Using advances in analytics companies, academics, journalists can gain new insights into consumer perceptions via social media on endless topics from football and baseball to movies and retailing. Technologies can even distinguish irony and figure out which tweets are just background noise and those that are truly important.

Branding Upset on the Digital Playing Field

The Super Bowl analysis shows us that today the two quarterbacks, Tom Brady and Eli Manning are in statistical dead heat:  Brady earning 65% positive sentiment and Eli Manning earning 62% positive sentiment.  That actually represents a big branding upset on the digital playing field. Most sports and marketing followers would assume that Brady should be far ahead given his lofty status as an elite QB for many years and three championship rings.

Super Bowl social sentiment indexOther noteworthy findings show that wide receivers have upstaged the quarterbacks, who are being positioned in the news media as the chief protagonists — Wes Welker is #1 in positive sentiment and Victor Cruz is a close 2nd.  Interestingly Brady leads by 3% points, exactly the point spread Las Vegas oddsmakers have favored the Patriots.

So while it looks like Tom Brady is going into the game as the Social MVP, now is not the time to get cocky.  Eli Manning is holding his own against the more experienced Brady in terms of positive sentiment.

The IBM USC analysis illustrates the potential insight and benefits that social media analytics can deliver to a brand — whether you’re an professional football player or a global enterprise.  Businesses that ignore the impact of social media will be stuck on the sidelines.

Learn more about IBM and USC AIL social media analysis projects.

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Kevin Nosbusch is an IBM senior technology consultant based in Milwaukee, Wisconsin. In 1973 he played for the Fighting Irish during Notre Dame’s National Championship season, and went on to play for the San Diego Chargers.

When I played football at the University of Notre Dame and for the San Diego Chargers, broadcast television and radio were the primary ways fans enjoyed the game. There was no ESPN, no sports talk radio, the Internet was only known by DARPA scientists and social media didn’t exist.

Gosh, I sound pretty old. But in just 30 years the media and sports industries have been completely transformed by technology.  Today, fans are not only Tweeting about their favorite players and teams, but just last week at the Pro Bowl athletes were participating in the virtual conversation on the field at Twitter stations.

This week, IBM and the University of Southern California Annenberg Innovation Lab (AIL) are conducting an analysis of social media trends related to Super Bowl Quarterbacks Tom Brady and Eli Manning.  By analyzing hundreds of thousands of public tweets they’ll determine the fans’ sentimental favorite – the people’s champion if you will.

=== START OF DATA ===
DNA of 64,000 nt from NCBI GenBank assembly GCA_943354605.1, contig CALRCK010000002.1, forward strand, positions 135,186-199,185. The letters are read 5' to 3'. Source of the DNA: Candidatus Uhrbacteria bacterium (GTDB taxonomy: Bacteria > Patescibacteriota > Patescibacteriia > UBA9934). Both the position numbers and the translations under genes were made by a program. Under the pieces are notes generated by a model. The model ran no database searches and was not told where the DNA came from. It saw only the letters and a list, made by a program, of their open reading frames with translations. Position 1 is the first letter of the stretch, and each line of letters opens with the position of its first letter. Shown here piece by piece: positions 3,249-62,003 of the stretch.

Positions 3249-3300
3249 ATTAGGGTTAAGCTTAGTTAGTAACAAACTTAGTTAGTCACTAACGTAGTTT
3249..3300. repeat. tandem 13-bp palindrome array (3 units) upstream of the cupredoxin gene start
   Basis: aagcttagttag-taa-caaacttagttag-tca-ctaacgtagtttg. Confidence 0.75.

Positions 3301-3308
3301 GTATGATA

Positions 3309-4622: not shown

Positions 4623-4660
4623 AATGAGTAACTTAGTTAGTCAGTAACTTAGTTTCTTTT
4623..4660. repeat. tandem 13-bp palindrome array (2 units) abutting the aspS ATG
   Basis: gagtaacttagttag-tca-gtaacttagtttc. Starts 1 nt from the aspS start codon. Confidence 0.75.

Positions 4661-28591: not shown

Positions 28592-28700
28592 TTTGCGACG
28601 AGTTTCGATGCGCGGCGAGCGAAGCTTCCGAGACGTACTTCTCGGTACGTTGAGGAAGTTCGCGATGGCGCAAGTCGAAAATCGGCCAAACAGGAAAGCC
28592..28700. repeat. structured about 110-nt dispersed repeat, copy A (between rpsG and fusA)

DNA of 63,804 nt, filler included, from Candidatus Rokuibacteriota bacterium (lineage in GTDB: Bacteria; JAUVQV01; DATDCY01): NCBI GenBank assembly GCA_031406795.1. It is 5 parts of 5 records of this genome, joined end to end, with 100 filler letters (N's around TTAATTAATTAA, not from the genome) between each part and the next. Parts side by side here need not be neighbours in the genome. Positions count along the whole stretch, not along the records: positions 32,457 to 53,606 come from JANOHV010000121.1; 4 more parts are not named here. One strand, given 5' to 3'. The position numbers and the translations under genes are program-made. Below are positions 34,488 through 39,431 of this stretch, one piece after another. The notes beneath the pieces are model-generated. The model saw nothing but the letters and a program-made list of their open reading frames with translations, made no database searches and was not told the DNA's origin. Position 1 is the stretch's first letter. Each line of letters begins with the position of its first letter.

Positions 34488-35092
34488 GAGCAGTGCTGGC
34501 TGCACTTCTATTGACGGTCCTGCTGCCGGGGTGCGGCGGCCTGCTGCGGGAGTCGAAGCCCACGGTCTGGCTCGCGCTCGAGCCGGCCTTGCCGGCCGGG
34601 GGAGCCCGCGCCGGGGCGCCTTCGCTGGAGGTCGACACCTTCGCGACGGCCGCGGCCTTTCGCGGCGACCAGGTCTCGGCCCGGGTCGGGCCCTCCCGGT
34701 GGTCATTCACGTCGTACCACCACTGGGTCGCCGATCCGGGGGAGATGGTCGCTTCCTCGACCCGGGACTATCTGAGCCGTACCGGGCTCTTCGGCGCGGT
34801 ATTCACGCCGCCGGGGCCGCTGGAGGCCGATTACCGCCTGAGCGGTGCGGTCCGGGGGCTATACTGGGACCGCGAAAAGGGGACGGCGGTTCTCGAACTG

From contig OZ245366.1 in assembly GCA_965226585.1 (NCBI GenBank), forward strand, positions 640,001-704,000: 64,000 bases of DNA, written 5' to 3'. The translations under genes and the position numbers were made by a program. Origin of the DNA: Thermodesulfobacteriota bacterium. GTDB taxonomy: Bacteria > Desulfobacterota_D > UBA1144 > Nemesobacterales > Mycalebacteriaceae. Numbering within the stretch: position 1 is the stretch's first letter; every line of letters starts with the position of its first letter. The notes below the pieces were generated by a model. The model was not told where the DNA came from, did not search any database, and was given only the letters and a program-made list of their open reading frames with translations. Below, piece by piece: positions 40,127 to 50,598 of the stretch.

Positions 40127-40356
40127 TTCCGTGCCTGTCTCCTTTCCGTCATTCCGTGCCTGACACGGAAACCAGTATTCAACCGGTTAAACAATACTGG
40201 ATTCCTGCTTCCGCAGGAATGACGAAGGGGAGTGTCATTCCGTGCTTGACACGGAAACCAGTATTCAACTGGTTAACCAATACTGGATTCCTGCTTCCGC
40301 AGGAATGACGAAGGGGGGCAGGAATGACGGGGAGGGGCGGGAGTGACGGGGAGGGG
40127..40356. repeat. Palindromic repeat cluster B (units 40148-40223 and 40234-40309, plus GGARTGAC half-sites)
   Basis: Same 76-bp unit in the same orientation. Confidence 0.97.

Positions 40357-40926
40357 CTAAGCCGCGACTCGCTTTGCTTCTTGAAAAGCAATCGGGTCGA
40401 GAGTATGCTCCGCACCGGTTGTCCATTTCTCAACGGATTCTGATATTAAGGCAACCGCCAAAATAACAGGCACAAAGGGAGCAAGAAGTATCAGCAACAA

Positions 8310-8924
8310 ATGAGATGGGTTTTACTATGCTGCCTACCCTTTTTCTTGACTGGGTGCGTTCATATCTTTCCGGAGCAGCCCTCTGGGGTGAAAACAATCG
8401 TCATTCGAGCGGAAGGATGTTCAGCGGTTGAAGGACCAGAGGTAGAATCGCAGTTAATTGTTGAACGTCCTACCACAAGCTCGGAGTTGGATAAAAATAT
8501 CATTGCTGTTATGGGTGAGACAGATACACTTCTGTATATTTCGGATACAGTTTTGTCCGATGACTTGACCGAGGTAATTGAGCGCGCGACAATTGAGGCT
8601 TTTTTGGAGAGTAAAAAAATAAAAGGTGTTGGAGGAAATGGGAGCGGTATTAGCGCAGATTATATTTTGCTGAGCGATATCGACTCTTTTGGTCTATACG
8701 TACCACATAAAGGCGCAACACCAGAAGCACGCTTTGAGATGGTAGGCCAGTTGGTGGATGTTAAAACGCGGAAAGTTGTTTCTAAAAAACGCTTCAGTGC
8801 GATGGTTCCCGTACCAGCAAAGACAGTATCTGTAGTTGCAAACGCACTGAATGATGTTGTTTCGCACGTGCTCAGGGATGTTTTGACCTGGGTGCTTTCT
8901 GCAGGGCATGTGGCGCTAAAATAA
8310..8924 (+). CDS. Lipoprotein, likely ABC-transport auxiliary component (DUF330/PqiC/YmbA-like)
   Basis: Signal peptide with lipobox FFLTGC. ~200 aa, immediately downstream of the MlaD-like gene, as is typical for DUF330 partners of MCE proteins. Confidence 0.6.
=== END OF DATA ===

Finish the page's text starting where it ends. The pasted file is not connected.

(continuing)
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Social media provides local government with powerful and flexible tools to deliver information services through a variety of channels. Equally important, it provides unique tools for formulating policy and redefining the meaning of accountability as well.

Discovery techniques based on social media are already helping local authorities to shape the future and to define exactly what a smarter city should look like. Coventry in the UK’s West Midlands is a case in point. Continue Reading »

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by Richard Daley, Director of Information Management at Tejon Ranch

Mobile business applications on phones and other hand-held devices are taking hold in the business today, and Tejon Ranch is a great example of how that technology is making a big difference.

Our name is a bit deceiving. We’re more of a city than a “ranch.” Continue Reading »

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By Alistair Rennie
GM, Collaboration Solutions
IBM Software Group

The iPad 2 and Kindle Fire will top many holiday wish lists this year. But not only can you play Angry Birds on these devices; tablets can be used at work, too.

Increasingly, employees are bringing in the technology they use at home and demanding the IT department accommodate them.

For years, companies have issued mobile devices to busy executives and sales representatives who depend on their company-issued devices to get the job done. However this thinking is antiquated. In today’s increasingly mobile culture, accessing critical business applications via mobile devices is a must-have for all employees.

In response, many organizations worldwide are adopting a BYOD (Bring Your Own Device) approach.  Approximately 72 percent of firms surveyed by Aberdeen Group say they allow employees to use their own smartphones or tablets for work. And a recent IDC survey said that 95 percent of workers have used technology they purchased for themselves for work. I recently met with a CEO of large and fairly conservative company in Germany who purchased 1,000 iPad devices for their employees.

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Vote for this as the coolest IBM 5 in 5 prediction by clicking the “Like” button below.

Read and in-depth blog post from IBM Research about the technology underlying the prediction.

Join in the Twitter conversation at #IBM5in5